It was readily apparent even before the recent resurgence of COVID-19 cases elsewhere in the country that absentee voting would have heightened importance amidst concerns about voter and election official safety at the polls during the pandemic. Certainly, the debacles witnessed during primary voting earlier this year in Wisconsin and Georgia sounded loud alarms that, in states that don’t allow general voting by mail, coronavirus concerns will seriously threaten Americans’ willingness, and even ability, to exercise their most fundamental and cherished right come the fall elections.

New Hampshire is one of those states, but its officials have acted to provide all entitled to vote in this fall’s primary and general elections with enhanced means to register to vote and cast absentee ballots by mail. Even so, the process is time-consuming. With the state primary election looming on Sept. 8 — and, depending on the city or town, the cutoff for advance voter registration can range from six to 13 days before — voters would do well to promptly complete and submit the necessary paperwork to ensure their votes will count.

In past years, absentee registration and voting has been an option only when a voter is unable to appear in person due to absence or disability. Earlier in the spring, however, Gov. Chris Sununu made it clear that he favored expanding absentee voting this year because of voter discomfort during the pandemic.

His is a nuanced position, as it allows the governor to cling to his oft-stated opposition to general mail-in voting. Indeed, Sununu last week vetoed, as he did last year, a bill passed by the Democratic-led Legislature to authorize any voter to cast an absentee ballot without needing an excuse and to allow online voter registration. Even if calculated, though, the governor’s embrace of absentee voting during the public health emergency is welcome, particularly in the face of President Trump’s repeated, and as yet unsupported, claims that mail-in voting leads to widespread voter fraud. And if this fall’s cycle goes smoothly, Sununu should reassess his opposition.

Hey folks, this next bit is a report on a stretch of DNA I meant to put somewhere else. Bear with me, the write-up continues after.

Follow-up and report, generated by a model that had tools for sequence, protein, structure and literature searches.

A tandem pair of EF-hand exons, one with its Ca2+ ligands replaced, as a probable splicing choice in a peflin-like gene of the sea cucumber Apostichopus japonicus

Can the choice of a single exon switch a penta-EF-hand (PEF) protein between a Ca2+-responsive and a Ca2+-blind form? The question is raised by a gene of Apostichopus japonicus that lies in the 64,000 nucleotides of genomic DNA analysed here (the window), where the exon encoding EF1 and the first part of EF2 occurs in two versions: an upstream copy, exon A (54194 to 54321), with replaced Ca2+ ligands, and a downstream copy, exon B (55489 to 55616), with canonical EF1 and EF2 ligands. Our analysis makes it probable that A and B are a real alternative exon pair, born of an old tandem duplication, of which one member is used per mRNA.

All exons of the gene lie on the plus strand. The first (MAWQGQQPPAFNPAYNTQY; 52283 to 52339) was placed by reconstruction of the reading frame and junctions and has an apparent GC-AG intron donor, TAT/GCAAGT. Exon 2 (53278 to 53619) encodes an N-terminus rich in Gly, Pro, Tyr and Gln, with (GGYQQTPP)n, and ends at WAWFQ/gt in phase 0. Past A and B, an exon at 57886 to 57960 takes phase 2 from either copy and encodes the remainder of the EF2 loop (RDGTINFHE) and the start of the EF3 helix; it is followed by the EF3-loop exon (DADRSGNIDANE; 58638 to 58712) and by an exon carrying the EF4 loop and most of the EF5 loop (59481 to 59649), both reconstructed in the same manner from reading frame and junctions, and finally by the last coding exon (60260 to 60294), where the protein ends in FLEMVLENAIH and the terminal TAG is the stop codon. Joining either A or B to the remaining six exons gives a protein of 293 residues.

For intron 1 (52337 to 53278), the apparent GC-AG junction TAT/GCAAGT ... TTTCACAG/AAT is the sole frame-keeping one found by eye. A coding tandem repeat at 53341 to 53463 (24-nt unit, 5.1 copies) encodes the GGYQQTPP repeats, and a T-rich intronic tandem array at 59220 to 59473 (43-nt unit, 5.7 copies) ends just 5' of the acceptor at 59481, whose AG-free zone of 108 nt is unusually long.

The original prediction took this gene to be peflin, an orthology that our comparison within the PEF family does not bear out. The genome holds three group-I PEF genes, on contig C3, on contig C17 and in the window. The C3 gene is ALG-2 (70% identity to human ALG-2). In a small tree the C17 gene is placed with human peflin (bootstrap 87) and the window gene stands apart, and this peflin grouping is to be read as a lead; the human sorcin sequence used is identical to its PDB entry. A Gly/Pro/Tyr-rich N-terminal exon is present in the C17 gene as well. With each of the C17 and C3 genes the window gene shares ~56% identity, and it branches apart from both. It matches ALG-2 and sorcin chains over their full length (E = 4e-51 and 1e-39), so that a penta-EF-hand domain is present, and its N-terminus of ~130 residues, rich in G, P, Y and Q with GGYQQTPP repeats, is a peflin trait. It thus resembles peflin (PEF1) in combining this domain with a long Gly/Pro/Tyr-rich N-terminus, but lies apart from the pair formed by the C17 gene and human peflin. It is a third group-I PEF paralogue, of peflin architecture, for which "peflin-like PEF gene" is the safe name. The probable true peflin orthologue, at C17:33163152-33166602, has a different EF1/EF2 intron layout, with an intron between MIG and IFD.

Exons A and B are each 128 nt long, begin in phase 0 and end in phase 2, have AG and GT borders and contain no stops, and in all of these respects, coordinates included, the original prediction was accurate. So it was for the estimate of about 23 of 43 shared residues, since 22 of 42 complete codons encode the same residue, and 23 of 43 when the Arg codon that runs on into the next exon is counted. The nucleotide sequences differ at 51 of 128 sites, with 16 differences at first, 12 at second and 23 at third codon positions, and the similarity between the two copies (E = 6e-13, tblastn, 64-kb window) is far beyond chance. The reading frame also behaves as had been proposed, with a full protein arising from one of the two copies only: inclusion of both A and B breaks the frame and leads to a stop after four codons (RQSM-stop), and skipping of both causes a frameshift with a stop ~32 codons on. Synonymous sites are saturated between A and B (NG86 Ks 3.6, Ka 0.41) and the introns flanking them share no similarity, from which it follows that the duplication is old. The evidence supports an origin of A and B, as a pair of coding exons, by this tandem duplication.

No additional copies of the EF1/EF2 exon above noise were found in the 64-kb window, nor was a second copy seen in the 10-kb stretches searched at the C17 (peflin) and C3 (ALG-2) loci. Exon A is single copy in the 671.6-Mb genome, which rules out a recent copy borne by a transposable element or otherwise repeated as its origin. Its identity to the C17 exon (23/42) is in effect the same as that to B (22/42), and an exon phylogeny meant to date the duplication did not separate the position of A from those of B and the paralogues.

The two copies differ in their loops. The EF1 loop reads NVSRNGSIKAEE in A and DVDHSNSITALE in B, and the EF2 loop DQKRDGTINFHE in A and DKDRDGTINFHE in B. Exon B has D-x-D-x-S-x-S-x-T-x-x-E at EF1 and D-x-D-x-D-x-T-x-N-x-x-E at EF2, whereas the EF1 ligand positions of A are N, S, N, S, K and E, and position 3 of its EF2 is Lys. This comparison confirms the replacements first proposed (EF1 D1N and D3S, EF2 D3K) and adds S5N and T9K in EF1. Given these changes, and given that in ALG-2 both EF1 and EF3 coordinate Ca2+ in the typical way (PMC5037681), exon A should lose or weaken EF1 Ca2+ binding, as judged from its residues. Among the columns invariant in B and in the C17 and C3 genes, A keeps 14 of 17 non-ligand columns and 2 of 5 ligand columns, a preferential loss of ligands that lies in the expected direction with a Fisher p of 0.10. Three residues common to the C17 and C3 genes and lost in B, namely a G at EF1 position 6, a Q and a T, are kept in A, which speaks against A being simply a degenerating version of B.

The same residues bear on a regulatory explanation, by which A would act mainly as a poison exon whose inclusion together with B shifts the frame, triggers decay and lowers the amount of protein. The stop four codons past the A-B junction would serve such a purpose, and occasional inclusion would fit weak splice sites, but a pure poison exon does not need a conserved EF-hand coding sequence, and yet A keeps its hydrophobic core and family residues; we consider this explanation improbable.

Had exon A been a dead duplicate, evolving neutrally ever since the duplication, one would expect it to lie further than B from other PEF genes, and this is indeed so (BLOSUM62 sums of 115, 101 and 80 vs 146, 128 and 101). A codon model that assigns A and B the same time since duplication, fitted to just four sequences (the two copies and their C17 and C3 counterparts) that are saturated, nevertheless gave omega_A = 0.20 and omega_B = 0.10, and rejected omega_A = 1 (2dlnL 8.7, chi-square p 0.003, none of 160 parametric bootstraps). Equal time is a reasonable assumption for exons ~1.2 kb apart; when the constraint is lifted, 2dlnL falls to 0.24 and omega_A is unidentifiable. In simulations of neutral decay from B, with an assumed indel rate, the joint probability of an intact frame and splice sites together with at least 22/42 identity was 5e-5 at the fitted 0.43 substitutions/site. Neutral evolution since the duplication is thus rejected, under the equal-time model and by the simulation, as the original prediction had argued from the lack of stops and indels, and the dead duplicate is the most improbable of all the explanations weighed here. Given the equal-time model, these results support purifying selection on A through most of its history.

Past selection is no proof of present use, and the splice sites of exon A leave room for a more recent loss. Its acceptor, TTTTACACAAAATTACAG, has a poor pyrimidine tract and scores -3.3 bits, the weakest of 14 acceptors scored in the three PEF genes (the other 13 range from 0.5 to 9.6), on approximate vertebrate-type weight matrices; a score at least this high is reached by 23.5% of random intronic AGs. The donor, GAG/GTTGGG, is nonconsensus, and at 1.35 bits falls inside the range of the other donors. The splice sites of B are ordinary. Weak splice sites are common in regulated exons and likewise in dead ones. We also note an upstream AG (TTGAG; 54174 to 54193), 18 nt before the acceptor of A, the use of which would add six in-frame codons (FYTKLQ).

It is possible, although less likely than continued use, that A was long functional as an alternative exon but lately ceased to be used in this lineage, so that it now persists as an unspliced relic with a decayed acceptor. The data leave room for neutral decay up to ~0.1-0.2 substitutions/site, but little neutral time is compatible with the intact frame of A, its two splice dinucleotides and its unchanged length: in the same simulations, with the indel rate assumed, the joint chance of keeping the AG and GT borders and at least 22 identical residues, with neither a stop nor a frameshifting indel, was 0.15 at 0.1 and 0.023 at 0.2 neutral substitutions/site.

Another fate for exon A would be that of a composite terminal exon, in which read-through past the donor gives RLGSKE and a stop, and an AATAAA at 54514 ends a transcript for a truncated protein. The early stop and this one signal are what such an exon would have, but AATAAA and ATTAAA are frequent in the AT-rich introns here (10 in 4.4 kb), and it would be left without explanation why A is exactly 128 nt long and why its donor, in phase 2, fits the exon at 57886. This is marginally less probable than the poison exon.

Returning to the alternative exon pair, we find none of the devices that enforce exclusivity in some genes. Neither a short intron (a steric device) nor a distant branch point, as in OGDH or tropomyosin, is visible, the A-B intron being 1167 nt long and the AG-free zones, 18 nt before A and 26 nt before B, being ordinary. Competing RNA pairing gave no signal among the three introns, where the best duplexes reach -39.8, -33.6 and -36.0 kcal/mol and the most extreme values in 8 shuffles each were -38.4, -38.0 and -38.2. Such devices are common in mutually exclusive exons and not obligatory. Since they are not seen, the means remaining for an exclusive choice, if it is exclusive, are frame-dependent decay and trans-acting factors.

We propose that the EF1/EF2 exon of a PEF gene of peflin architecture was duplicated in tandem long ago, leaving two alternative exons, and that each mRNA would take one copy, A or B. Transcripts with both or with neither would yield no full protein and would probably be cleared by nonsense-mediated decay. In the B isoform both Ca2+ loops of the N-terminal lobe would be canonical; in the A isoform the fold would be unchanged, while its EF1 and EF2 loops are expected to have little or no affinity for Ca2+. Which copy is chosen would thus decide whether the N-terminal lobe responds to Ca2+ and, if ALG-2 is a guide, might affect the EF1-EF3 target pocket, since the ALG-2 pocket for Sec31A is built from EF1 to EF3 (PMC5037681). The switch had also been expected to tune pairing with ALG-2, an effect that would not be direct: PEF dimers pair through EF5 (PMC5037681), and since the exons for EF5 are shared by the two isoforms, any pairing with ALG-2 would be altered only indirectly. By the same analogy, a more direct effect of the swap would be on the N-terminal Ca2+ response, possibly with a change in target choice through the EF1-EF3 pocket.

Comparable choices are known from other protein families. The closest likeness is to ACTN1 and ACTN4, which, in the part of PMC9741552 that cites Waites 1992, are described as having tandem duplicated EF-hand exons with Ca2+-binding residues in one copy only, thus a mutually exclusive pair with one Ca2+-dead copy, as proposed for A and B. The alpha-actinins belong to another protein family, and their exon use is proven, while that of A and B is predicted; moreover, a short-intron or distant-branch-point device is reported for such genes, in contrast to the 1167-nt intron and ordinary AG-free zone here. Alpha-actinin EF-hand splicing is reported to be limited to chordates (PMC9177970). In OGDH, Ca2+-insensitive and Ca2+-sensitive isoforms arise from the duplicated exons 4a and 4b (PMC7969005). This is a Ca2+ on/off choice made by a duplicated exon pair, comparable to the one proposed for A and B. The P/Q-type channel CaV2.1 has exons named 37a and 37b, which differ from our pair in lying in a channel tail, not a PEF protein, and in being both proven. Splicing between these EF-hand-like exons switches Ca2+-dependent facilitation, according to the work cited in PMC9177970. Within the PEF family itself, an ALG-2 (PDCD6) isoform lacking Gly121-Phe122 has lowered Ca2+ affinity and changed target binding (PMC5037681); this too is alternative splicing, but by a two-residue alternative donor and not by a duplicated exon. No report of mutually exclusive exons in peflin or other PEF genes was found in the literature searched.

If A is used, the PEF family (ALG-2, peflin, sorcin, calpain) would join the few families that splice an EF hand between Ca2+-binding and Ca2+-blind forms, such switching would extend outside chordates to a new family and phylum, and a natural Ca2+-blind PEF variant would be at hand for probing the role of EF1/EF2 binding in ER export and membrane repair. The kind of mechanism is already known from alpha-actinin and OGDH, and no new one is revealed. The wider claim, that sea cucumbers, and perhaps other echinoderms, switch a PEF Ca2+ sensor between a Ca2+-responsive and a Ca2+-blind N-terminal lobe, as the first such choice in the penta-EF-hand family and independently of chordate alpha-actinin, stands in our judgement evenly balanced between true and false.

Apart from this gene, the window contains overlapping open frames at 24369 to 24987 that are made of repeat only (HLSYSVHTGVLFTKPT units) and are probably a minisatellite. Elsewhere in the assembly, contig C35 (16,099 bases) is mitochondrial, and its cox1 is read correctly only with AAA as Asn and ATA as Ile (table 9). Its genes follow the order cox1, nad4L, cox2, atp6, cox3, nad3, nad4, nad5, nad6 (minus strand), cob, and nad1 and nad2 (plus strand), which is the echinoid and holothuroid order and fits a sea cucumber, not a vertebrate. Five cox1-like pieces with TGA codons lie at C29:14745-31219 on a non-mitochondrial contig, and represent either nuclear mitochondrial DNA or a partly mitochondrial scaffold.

In April and June, Secretary of State William Gardner and Attorney General Gordon MacDonald issued guidance for this year’s elections consistent with the governor’s position. Under the guidance, all voter registration applicants and all registered voters will be allowed to certify in the necessary paperwork to their concerns for COVID-19 and be allowed to register and vote by mail in the primary and the general election, provided they otherwise qualify and, in the case of registering to vote, submit the necessary supporting documentation.

Since then, the Legislature has passed a bill, applicable to only this fall’s election cycle, that would streamline the required paperwork and allow voters to request absentee ballots for both the primary and general elections with a single application. The governor is expected to sign the bill, given that it would codify much of his attorney general’s and the secretary of state’s guidance and also adopts recommendations of a special elections task force formed to address safe voting this year.

But completing and submitting the necessary forms to the applicable city or town clerk through the mail, and receiving and mailing back absentee ballots, will take time, and it’s concerning that there were reports in other states earlier this year of large numbers of absentee ballots arriving too late to be counted. Adding further concern, a surge in registering and voting by mail is likely this fall and may strain local officials’ ability to act promptly.

Of course, eligible residents can still register to vote in person either at their clerk’s office before the pre-election registration period closes or at the polls on election day. Similarly, voters may apply for absentee ballots at their clerk’s office.

But anyone feeling concern about voting in the current public health climate would be wise to start the mail-in process sooner rather than later.

“Voters can really, really help if they act early,” Deputy Secretary of State David Scanlan told the Granite State News Collaborative recently, urging that they “[g]et registered well before the election.” Heeding his advice will not only help local election officials deal with the expected surge in remote registration and voting, but also ensure fuller and safe participation by voters in this fall’s elections.

For more detailed information, either call your city or town clerk or visit the secretary of state’s COVID-19 emergency voting web page at